Learning to deal with uncertainty

Headshot of Dr Loretta Poerio

Dr Loretta Poerio
Mental Health Adviser
Department of Veterans’ Affairs

The COVID-19 pandemic and recent bushfires have been a sobering beginning to 2020. My deepest sympathies to those who have been touched by either of these events.

Concern regarding our health and wellbeing often shake our sense of predictability, a core need for us to feel safe and able to have agency in the world. Worrying about the safety of our family, our home, our business and our community is understandable. These worries can overwhelm us at times, and engender feelings of helplessness, making us vulnerable to poor mental health. With some reflection, high quality information, and a range of tools, that sense of being overwhelmed can be managed so that we are able to cope with our distress, problem-solve and make sound decisions that restore a sense of predictability.

In the first instance, it is important to be prepared for dealing with intense feelings. Our knowledge of disasters such as the bushfires indicates that disillusionment often follows, and this can lead to much soul-searching, anger and anxiety about the future, as well as depression. The level of distress can be mild and short-lived through to severe and chronic. Early detection and intervention can make all the difference. Remember, if your worry becomes chronic and affects your ability to undertake everyday activities, then professional assistance is required, with a visit to the GP a good place to start.1

Spending time building strategies for dealing with psychological distress can also mean you are better prepared physically, with reduced levels of worry and anxiety, better coping skills and more insight into what to look for in yourself and others. Understanding how you react to stress, and how others in your immediate environment react to stress, can mean you can nip symptoms in the bud before a spiral of avoiding anything upsetting settles in. For example, sitting around in a pub for hours drinking can become a way of distracting us from distressing emotions, but in the end, this strategy just perpetuates the stressful situation you are trying to avoid, which often makes the situation worse.

A pro-active problem-solving approach provides options for action by breaking down seemingly overwhelming problems into manageable and logical steps.

The GROW model2 is a simple and easy to use problem-solving tool. It has four steps:

  • define the goal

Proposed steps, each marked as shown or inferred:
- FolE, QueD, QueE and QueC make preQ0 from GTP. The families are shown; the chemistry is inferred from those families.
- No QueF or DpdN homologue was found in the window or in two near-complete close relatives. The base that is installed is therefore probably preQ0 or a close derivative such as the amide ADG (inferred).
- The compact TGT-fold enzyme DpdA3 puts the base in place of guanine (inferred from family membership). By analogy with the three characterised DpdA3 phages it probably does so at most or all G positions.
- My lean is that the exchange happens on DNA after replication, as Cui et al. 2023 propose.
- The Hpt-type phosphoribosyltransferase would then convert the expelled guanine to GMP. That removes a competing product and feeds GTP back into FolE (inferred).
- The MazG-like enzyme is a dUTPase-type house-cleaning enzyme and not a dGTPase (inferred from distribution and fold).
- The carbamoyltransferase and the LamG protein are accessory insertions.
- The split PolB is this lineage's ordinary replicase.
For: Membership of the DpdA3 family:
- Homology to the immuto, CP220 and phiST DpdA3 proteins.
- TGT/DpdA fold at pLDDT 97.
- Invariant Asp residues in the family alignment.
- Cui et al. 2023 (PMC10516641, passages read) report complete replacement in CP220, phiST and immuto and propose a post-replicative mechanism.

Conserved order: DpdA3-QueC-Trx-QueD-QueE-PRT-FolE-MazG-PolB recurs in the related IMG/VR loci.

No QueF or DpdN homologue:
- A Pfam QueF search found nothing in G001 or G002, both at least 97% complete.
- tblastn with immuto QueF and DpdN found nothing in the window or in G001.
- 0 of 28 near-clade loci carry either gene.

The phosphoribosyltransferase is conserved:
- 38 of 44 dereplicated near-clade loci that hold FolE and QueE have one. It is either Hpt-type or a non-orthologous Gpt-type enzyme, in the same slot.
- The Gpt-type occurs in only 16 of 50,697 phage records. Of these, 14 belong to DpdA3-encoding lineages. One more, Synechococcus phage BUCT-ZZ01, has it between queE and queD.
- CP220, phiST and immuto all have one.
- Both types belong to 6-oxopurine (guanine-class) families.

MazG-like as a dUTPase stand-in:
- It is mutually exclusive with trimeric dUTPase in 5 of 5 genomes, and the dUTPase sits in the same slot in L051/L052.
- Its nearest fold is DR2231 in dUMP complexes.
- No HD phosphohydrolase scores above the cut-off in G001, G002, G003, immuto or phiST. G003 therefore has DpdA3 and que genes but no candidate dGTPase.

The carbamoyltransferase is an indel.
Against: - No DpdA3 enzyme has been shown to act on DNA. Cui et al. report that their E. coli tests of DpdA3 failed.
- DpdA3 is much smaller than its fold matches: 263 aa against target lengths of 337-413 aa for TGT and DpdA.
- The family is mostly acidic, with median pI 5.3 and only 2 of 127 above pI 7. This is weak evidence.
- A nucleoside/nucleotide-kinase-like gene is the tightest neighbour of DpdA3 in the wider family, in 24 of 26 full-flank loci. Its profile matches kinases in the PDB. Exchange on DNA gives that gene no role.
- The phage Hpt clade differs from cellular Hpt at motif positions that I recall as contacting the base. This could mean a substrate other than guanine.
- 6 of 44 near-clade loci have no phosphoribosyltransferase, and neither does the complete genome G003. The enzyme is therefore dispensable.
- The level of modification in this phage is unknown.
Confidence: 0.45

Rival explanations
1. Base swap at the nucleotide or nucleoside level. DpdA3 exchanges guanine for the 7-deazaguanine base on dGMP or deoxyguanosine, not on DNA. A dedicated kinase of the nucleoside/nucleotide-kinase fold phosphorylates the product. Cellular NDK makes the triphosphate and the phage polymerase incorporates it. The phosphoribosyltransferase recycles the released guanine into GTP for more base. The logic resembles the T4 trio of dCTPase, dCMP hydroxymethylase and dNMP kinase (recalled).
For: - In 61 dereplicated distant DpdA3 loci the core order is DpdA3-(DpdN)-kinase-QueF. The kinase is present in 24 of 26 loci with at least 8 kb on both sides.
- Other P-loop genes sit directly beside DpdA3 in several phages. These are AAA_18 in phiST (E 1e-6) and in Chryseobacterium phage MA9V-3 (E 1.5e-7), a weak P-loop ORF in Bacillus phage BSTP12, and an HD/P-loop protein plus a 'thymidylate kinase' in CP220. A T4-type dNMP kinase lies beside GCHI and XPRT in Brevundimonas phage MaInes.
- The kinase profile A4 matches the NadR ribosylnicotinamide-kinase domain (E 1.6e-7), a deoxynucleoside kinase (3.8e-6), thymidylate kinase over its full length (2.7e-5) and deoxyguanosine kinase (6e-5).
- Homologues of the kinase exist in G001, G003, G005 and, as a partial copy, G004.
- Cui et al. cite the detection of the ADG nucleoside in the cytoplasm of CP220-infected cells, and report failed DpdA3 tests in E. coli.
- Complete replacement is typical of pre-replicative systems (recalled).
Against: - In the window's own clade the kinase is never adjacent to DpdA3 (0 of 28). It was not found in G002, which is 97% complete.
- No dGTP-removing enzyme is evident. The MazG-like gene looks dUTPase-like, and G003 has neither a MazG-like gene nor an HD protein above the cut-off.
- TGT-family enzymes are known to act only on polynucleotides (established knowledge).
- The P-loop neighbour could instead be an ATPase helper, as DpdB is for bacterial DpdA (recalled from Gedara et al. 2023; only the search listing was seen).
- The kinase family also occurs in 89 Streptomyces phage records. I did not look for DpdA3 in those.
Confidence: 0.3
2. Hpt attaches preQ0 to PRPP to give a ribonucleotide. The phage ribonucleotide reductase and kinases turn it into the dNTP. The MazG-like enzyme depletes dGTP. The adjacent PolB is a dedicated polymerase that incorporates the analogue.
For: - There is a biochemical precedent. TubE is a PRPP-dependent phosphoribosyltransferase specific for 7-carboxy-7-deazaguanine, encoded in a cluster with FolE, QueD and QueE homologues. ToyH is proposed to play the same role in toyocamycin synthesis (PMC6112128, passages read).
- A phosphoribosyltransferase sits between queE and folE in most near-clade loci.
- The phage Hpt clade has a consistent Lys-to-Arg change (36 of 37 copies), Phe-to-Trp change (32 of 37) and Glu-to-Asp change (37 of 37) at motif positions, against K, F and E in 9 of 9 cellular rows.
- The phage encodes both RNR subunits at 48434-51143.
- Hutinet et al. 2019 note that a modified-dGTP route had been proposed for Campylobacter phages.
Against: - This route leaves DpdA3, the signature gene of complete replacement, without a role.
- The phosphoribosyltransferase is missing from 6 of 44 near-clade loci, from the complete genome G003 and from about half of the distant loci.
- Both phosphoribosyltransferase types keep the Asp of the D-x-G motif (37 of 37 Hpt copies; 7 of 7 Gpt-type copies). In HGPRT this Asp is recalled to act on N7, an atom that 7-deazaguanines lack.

• examine the reality of the situation
  • brainstorm the possible options
  • establish the will/way forward.

Good problem-solving can occur at the individual and group level. It can bring a sense of control, which can often be diminished or absent after a disaster. The need for routine, order, a sense of purpose and predictability can be met, at least in part, by pro-active problem solving. It helps to ground us in the here-and-now. It can be used across a range of situations and helps distinguish what you can influence from what you can’t. The message here is don’t waste your time and emotional energy on things you can’t change!

Problem-solving is not just helpful for dealing with practical issues; it can also assist in dealing with the more existential concerns that can arise. The process of defining your goal provides an opportunity to reflect on what matters in life — where you want to focus your energy. Research is showing us that it is the process of pursuing higher-order flexible goal-setting that facilitates a sense of meaning, purpose and wellbeing, and can reduce anxiety. Conscious self-reflection is critical in this process, and in tracking progress towards your chosen goal.

Coming to terms with the aftermath of a disaster requires a long-term view. It is a marathon, not a sprint. Take one step at a time, be flexible and have a starting point, no matter how small. This will make that next step seem much more doable, and provide a sense of hope. Being able to anchor ourselves in the moment, breathe, and ask ourselves, ‘What can I do here? / What is the issue?’ and having a model to support clear decision-making is a definite for our tool bag this challenging year.

1 Assistance is available through Open Arms, or through a referral to an allied mental health professional via your GP if you have a DVA White Card or Gold Card. Any kind of White Card entitles you to unlimited mental health care for life through Non-Liability Health Care (NLHC), whether or not your mental illness is related to service.

2 The model was originally developed in the 1980s by business coaches Graham Alexander, Alan Fine and Sir John Whitmore.